Forklifts vs. Reach Trucks: What Is the Difference?

Forklifts are an integral part of warehouse management and material handling. But, since warehouses have limited space and can become more cramped with products, the best way to create additional room is to make aisles more narrow and taller.

This kind of layout can be problematic for regular forklifts, which are best suited for moving heavy objects with minimal heights. Another option is a reach truck. They’re designed for lifting lighter materials and objects, reach much higher, and operate in tighter, narrower spaces.

What Are Forklifts?

When it comes to forklifts, the first thing people generally think of are counterbalance forklifts. These forklifts consist of forks in the front, a cab that houses the operator, a counterbalance in the rear, and tires that control steering.

The most well-known and versatile material handling equipment, counterbalance forklifts, are used extensively for lifting, moving, and stacking products, pallets or contained units. Different models of forklifts have various load capacities, but most can handle loads of up to 10,000 lbs.

What Are Reach Trucks?

A reach truck is smaller type of forklift with a narrower body, enhanced mobility and maneuverability, and higher height capacity, which makes them idea for areas with tight, narrow aisles, such as a warehouse. Instead of a counterbalance, reach trucks have two outer legs that stabilize the load. The operator also usually sits sideways or perpendicular to the forks. Some reach trucks also come equipped with a camera, allowing the operator to see what’s going on above their head.

Reach trucks are often used in applications such as narrow aisles, cold storage, long-load handling, and truck loading/unloading. Reach trucks usually accommodate smaller load capacities than most counterbalance forklifts. But they also provide much higher height capacity of up to 32 ft.

NovaLift Equipment provides both new and used reach trucks designed for use in the most challenging material handling and warehouse environments. Some of the reach truck brands we carry include Raymond, Yale, Toyota, Crown, and Hyster.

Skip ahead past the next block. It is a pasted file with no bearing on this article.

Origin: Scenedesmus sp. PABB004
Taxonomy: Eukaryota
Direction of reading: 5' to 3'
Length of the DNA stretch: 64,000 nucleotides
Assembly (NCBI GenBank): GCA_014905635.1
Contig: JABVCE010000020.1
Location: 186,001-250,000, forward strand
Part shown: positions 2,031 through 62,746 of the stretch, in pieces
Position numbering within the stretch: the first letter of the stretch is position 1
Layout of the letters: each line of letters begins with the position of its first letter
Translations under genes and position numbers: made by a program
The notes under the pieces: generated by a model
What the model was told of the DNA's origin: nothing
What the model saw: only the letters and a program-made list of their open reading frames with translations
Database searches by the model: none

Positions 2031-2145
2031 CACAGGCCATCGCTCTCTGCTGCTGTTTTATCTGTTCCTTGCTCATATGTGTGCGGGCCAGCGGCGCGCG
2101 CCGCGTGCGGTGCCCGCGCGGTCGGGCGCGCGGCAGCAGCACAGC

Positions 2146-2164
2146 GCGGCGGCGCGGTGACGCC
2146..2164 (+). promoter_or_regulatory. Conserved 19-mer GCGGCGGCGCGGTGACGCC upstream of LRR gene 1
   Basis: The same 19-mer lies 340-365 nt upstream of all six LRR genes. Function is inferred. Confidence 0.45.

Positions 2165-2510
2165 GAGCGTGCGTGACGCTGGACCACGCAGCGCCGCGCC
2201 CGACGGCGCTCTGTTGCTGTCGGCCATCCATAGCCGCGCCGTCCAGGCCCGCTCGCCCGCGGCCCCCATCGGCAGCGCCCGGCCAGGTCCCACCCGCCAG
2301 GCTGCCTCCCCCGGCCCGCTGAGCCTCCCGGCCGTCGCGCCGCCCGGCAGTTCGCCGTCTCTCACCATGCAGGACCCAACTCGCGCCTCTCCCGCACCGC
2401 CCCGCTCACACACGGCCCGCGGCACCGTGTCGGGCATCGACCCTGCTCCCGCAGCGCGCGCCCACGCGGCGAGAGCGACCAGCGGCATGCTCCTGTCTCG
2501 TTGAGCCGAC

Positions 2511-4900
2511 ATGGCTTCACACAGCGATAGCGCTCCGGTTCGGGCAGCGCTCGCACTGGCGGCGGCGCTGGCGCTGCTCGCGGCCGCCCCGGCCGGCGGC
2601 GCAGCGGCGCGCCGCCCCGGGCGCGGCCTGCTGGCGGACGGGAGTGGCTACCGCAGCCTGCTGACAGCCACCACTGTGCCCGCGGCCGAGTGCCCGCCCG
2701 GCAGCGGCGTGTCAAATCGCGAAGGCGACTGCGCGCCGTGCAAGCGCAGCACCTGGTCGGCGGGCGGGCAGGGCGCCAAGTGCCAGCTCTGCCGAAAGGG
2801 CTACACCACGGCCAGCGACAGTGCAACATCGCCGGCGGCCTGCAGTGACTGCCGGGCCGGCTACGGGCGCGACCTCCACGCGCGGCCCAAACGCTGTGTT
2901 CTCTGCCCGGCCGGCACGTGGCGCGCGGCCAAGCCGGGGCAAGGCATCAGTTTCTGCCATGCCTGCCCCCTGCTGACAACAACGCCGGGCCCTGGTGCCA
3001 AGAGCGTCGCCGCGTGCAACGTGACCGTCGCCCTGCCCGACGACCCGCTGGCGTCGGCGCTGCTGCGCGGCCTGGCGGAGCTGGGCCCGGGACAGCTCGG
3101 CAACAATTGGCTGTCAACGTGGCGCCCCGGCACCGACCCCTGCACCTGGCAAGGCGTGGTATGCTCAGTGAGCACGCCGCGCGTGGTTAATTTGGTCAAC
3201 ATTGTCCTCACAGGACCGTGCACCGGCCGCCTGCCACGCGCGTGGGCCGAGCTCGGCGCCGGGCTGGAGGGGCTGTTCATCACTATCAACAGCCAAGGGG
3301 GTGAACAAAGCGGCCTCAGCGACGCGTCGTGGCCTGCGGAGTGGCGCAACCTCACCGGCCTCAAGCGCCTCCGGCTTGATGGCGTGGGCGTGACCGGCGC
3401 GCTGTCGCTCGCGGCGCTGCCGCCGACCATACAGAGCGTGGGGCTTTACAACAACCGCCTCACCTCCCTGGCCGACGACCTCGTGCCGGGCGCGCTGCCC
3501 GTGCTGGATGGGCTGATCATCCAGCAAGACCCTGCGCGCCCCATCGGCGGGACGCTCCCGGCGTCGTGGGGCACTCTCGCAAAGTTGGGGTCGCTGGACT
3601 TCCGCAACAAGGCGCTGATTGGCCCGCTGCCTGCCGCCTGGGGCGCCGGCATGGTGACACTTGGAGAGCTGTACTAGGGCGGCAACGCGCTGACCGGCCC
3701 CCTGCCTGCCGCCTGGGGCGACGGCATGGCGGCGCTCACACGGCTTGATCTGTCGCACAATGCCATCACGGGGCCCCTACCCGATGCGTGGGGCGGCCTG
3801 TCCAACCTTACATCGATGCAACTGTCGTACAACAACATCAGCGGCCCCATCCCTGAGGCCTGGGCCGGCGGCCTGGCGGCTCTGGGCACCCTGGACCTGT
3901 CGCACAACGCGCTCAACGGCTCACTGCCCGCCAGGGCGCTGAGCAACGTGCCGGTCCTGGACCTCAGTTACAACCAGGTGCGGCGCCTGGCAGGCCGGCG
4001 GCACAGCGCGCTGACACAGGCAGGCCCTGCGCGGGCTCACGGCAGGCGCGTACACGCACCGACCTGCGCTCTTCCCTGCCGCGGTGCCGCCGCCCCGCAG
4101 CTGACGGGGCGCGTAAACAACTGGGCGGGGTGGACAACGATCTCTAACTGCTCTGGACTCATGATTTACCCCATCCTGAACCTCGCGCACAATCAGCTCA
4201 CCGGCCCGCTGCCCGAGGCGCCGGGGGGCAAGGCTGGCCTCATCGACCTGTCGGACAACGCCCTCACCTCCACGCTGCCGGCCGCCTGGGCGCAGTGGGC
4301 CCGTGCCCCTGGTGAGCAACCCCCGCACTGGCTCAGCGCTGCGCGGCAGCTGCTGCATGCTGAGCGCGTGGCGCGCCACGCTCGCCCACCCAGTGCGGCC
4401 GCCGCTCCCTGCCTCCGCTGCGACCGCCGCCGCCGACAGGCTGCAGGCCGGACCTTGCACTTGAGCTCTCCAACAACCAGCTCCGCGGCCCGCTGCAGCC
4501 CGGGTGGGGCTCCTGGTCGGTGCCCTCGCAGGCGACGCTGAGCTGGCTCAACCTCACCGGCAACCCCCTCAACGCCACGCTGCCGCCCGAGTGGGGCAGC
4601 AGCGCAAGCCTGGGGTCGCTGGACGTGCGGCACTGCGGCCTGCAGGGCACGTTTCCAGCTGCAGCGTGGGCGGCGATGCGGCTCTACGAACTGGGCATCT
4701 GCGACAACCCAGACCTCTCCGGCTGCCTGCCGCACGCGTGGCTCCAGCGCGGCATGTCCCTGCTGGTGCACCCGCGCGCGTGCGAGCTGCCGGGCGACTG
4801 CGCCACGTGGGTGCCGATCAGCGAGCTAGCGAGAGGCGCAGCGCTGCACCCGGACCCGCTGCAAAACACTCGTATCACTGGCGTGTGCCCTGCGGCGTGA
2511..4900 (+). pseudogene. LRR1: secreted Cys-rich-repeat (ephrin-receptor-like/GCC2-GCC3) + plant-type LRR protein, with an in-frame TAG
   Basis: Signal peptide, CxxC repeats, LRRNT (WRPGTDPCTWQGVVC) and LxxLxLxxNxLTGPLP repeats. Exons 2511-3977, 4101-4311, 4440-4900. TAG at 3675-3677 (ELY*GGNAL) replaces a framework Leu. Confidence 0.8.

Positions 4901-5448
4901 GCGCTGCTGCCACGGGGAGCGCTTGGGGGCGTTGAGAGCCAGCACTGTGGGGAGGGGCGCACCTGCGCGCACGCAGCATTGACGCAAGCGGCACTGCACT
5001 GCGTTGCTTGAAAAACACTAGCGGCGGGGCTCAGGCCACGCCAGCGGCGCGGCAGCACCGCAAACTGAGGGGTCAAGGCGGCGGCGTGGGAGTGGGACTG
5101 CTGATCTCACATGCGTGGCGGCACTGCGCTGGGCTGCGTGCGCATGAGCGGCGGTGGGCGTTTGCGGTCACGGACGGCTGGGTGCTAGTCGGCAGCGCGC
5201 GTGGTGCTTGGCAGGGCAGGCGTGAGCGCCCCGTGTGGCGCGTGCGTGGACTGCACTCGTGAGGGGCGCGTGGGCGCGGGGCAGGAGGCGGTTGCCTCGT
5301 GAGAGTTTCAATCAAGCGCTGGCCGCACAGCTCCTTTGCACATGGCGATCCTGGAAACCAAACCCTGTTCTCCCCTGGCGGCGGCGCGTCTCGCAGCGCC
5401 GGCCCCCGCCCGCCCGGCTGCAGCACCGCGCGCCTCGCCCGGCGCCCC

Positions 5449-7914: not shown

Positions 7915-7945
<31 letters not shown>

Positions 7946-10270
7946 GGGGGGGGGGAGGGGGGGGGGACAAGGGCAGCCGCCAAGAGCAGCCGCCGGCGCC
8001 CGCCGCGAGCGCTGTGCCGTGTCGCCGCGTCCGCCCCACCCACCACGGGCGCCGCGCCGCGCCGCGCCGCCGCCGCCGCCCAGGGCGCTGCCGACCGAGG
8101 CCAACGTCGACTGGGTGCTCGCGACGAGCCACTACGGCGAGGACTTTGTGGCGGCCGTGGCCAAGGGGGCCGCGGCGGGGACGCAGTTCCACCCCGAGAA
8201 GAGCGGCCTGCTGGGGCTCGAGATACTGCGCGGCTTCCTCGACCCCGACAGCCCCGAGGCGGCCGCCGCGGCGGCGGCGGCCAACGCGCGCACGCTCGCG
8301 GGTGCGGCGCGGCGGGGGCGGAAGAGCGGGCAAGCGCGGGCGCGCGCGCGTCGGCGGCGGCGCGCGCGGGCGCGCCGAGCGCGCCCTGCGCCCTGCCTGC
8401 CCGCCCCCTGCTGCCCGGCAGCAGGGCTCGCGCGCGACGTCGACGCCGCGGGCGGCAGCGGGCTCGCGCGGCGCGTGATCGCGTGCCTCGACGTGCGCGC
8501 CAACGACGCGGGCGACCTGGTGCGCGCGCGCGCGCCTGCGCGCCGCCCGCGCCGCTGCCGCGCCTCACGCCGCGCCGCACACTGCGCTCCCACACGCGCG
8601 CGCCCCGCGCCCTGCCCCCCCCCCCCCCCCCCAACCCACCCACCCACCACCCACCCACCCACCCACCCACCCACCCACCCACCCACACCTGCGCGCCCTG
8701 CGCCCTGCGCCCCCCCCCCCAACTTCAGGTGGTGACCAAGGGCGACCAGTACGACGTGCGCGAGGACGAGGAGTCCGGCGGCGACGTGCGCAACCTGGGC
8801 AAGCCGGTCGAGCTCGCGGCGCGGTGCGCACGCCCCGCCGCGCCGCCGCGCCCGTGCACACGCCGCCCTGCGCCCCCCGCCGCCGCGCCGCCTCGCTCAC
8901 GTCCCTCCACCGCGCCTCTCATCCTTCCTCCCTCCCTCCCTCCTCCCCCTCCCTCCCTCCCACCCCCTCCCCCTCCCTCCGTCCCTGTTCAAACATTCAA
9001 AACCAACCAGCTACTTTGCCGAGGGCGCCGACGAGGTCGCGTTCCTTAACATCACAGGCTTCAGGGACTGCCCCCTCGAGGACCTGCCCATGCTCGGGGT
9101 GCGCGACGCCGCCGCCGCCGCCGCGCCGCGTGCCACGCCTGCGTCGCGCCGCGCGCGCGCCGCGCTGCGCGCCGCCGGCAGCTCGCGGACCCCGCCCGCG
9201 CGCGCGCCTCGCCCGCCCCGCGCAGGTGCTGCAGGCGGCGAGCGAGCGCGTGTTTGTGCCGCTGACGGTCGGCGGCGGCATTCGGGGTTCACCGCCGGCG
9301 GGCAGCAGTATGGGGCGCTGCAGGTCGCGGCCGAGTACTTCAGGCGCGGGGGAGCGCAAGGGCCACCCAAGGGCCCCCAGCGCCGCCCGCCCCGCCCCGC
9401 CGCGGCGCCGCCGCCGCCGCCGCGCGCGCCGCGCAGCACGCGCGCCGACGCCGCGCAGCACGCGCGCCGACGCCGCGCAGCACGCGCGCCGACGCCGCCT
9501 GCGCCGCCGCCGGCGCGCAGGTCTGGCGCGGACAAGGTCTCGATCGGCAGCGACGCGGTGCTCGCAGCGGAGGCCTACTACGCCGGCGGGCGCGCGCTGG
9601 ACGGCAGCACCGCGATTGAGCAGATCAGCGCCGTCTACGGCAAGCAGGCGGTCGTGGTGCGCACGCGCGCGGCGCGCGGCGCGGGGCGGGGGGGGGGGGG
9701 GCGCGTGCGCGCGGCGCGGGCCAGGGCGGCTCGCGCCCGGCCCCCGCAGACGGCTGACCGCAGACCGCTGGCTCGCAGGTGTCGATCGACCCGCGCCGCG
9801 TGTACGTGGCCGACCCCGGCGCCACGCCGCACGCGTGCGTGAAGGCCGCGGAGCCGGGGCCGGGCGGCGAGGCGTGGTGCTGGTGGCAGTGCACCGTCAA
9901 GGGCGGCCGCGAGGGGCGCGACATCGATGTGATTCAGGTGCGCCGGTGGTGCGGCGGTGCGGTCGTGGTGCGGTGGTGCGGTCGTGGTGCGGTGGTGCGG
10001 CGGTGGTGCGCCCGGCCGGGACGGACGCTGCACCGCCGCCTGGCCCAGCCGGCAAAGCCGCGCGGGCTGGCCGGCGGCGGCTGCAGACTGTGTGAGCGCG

Differences Between Forklifts and Reach Trucks

While there is some functional overlap between reach trucks and forklifts, they also have unique features that make them more ideal for specific tasks.

  • Visibility: Forklifts are front-facing and have limited visibility when moving large loads. Reach trucks are generally sideways-facing, providing a wider vision range.
  • Turn Radius: Reach trucks have a much tighter turn radius than forklifts.
  • Lifting Height: Forklifts are great for lifting heights of up to 20 ft., some reach trucks can lift loads higher than 40 ft.
  • Weight Capacity: Forklifts and heavy-duty models can handle loads anywhere from 10,000 lbs. to more than 25,000 lbs. Most reach trucks have lift capacities of 3,000 to 5,000 lbs.
  • Power Sources: Reach trucks, because they are mostly used indoors, are powered by a 36-volt battery. Forklifts use various power sources, including gasoline, diesel, and electric batteries.

How to Operate Reach Trucks?

Operating and stability considerations are largely the same for reach trucks and counterbalance forklifts, with some notable differences, including fork height.

  1. Bring Forks to Level Position: Reach trucks have less forward and back tilt than counterbalance forklifts. The weight should be level, with no forward tilt applied. If tilt is used, it may be impossible to stack a tall load.
  2. Lift Load to the Correct Height: Raise the load to the desired height, ensuring the upward path is clear of any obstacles.
  3. Drive Reach Truck Toward the Stack: Drive the reach truck to the stack with the load fitting on the rack and reach truck legs stopping just short of the rack or bottom load. Once in position, apply the hand break.
  4. Position the Mast on the Rack Lower: Carefully lower the load, making sure the forks are level and clear. One the load is lowered, retract the mast completely. The mast should not be driven when extended. While loaded, the reach truck will behave like a counterbalance forklift and turn over.
  5. Reverse Away From the Stack: Once the load is safely in place and the forks are free, check your surroundings and reverse out.
  6. Lower the Forks to the Travelling Position: After the forks are around 15 centimeters, or 6 inches away from the stack, lower the forks to around 10 centimeters, or 4 inches, off the ground and apply rear tilt for travel.

Contact NovaLift Equipment, Inc. for Reach Trucks & Forklift Rentals in Toronto

To keep up with changing supply chain and customer demand, businesses need forklifts that are adaptable and scalable. NovaLift Equipment, Inc. is home to one of the largest inventories of forklifts in Toronto. Whether you’re looking for a small electric forklift, warehouse forklift, reach truck, or rough terrain forklift, NovaLift works with the industry’s top brands. Get in touch today to learn more about our forklifts and their accessories.

Also Read: What Type Of Forklift Is Best For Your Business?

Written by
Published on